Suicide (illness or sin)

Discussion in 'Soap Box' started by Anonymous2, Nov 14, 2010.

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  1. Anonymous2

    Anonymous2 Well-Known Member

    A desire to commit suicide is often considered an illnesses, and deaths from illnesses are not considered sins.

    One dies from caner due to an uncontrollable overgrowth of cancerous cells. One dies from suicide due to an uncontrollable desire to kill oneself. Both are uncontrollable, and both are caused by an individual dysfunction. One is a dysfunction of the body, while the other is a dysfunction of the mind. Both of these dysfunctions are not chosen.

    If someone dies from cancer because the treatments were ineffective or not found soon enough, we would, rightfully, state that they did NOT die because they were weak or sinful. We would state that it was "natural" and, if religious, we may even state that the death was God's will. God needed or wanted that person in Heaven.

    Millions also die from suicide because the treatments are ineffective or not found soon enough. Perhaps such deaths are also natural. Perhaps when people die from a psychological dysfunction it is because God willed it. Perhaps God gave that individual those feelings, an inability to change those feelings, and an opportunity to commit the act because God needed or wanted that person in Heaven.

    Whilst true that God (if their is a God) gives us free will, we do not freely choose to have psychological dysfunctions no more than we choose to have physical dysfunctions.

    No one just gets up one day and decides .. you know what, I don't think I want to enjoy the beauty of life anymore. Instead, I want to feel so hopeless about life that I will place a large caliber weapon in my mouth and leave the back of my skull on the wall behind me. It's not a decision, but rather a natural result that comes when treatment for a specific psychological dysfunction is not found or ineffective. In other words, it is a result that would occur in any individual if given the same innate emotional composition and situation as the suicide victim.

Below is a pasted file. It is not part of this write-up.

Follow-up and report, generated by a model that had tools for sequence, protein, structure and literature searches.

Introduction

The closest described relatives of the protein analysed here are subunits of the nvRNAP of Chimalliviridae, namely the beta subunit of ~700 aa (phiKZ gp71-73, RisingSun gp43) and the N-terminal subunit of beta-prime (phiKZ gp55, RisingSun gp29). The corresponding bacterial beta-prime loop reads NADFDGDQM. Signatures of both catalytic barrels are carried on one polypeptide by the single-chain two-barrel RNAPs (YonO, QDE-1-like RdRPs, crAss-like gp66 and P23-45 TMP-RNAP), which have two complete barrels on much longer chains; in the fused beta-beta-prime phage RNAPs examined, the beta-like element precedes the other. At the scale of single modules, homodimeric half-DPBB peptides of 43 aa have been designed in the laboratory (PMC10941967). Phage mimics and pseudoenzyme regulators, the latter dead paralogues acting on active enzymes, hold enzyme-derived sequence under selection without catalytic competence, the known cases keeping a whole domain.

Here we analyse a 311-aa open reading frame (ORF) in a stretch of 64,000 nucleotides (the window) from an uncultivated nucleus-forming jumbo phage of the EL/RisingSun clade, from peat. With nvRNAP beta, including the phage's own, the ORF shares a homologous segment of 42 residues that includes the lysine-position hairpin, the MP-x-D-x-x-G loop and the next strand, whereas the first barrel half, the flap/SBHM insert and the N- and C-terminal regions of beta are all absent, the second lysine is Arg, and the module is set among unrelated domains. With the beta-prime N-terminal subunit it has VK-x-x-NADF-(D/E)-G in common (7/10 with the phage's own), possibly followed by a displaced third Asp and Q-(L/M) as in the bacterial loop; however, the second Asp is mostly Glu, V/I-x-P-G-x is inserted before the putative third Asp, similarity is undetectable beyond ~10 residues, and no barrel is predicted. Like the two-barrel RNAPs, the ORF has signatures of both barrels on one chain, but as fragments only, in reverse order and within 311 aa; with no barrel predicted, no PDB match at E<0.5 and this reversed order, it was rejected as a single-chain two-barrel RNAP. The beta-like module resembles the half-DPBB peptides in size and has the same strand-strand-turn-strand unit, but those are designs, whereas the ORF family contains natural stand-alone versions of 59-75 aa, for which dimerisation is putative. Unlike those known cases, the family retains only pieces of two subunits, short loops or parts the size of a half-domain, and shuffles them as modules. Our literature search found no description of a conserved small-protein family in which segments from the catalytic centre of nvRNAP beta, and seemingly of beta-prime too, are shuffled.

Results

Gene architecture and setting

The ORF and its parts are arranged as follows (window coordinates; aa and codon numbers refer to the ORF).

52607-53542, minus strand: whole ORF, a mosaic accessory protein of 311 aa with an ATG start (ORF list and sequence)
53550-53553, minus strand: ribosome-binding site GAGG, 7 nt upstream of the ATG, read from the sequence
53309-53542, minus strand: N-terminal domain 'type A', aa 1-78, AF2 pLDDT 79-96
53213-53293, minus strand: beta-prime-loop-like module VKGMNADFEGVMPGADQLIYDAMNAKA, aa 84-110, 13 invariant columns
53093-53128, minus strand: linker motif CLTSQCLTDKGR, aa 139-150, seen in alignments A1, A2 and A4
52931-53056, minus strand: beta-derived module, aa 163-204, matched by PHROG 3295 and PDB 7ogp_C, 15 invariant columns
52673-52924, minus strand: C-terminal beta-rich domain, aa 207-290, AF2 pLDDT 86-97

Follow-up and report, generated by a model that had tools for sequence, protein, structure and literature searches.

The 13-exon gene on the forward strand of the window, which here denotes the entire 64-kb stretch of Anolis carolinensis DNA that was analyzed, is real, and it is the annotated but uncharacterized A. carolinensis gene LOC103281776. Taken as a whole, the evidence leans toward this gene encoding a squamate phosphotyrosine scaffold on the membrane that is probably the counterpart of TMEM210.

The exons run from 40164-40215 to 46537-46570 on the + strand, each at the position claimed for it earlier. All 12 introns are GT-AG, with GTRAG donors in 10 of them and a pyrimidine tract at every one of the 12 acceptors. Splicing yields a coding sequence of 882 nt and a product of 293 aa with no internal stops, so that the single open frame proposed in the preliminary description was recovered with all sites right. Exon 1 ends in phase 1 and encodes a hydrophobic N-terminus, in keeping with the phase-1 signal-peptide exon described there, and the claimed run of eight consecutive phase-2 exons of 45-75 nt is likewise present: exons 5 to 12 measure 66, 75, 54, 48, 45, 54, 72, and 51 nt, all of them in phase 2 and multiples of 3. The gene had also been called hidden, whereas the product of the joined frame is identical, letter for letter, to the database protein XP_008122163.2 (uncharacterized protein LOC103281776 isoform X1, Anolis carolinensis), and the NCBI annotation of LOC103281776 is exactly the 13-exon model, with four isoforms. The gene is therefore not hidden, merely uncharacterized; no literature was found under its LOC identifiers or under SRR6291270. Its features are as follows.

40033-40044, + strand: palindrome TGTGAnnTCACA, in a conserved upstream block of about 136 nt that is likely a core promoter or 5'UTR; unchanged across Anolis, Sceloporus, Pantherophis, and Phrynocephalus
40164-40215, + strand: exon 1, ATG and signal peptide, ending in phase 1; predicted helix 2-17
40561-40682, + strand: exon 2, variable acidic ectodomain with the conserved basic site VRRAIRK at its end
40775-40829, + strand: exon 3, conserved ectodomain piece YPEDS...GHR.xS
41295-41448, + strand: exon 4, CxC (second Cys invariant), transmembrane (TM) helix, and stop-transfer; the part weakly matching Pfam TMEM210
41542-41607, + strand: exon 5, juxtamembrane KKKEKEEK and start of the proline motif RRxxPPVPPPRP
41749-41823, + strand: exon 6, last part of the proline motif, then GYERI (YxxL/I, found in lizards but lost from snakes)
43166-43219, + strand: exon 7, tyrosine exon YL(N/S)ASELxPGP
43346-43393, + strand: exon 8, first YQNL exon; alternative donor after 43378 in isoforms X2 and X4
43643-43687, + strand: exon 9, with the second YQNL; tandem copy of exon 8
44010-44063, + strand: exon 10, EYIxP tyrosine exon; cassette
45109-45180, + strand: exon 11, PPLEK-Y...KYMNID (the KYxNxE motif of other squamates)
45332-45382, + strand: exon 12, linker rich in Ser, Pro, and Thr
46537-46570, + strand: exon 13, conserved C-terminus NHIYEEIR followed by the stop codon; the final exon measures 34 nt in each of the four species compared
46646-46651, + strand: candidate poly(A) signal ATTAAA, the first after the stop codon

If a physical illness treatment is ineffective or not found in time, they may die, and we will not consider them a sinner if they do die. If a psychological illness treatment is ineffective or not found in time, they may die, and we should not consider them a sinner if they do die.

    What do you-all think?
     
  2. IV2010

    IV2010 Well-Known Member

    Ditto....
    but every attempt should be made to find an effective treatment before the person takes their life because of the pain and grief that is specific to suicide alone...
    I have lost someone to suicide and it leaves a unique loss that cancer, old age, etc. can never compare with..
     
  3. 1izombie

    1izombie Well-Known Member

    interesting take from a religious point of view, since im not religious i just discard the notion of sin but i would be interested to know what someone who is religious would think about what you said...
     
  4. Krem

    Krem Well-Known Member

    This comes from the notion that people can just "will it off", and thus they could've not commited suicide; a notion that is still around. People often think that depression is just feeling a bit sad, and can't imagine how that could lead to suicide. Doctors back then when the bible was written had no idea that chemical imbalance in the brain can cause depression, and reasoned, perhaps rightly, that actual depression didn't exist- People could just shrug it off and move on, and thus showing weakness in not doing so (As with many other sins where it's about willpower) was a sin; you are removing a member of the community and causing grief.

    However, a loophole is known; exceedingly dangerous hobbies. Cycling on a unicycle on a rope over a bottomless pit, for an example, is not suicide; if you fall, it was an accident. :)
     
  5. feathers

    feathers Well-Known Member

    I lol'd at this. :D
     
  6. Entoloma43

    Entoloma43 Well-Known Member

    Whether an action is suicide or not is dependent upon intent.
     
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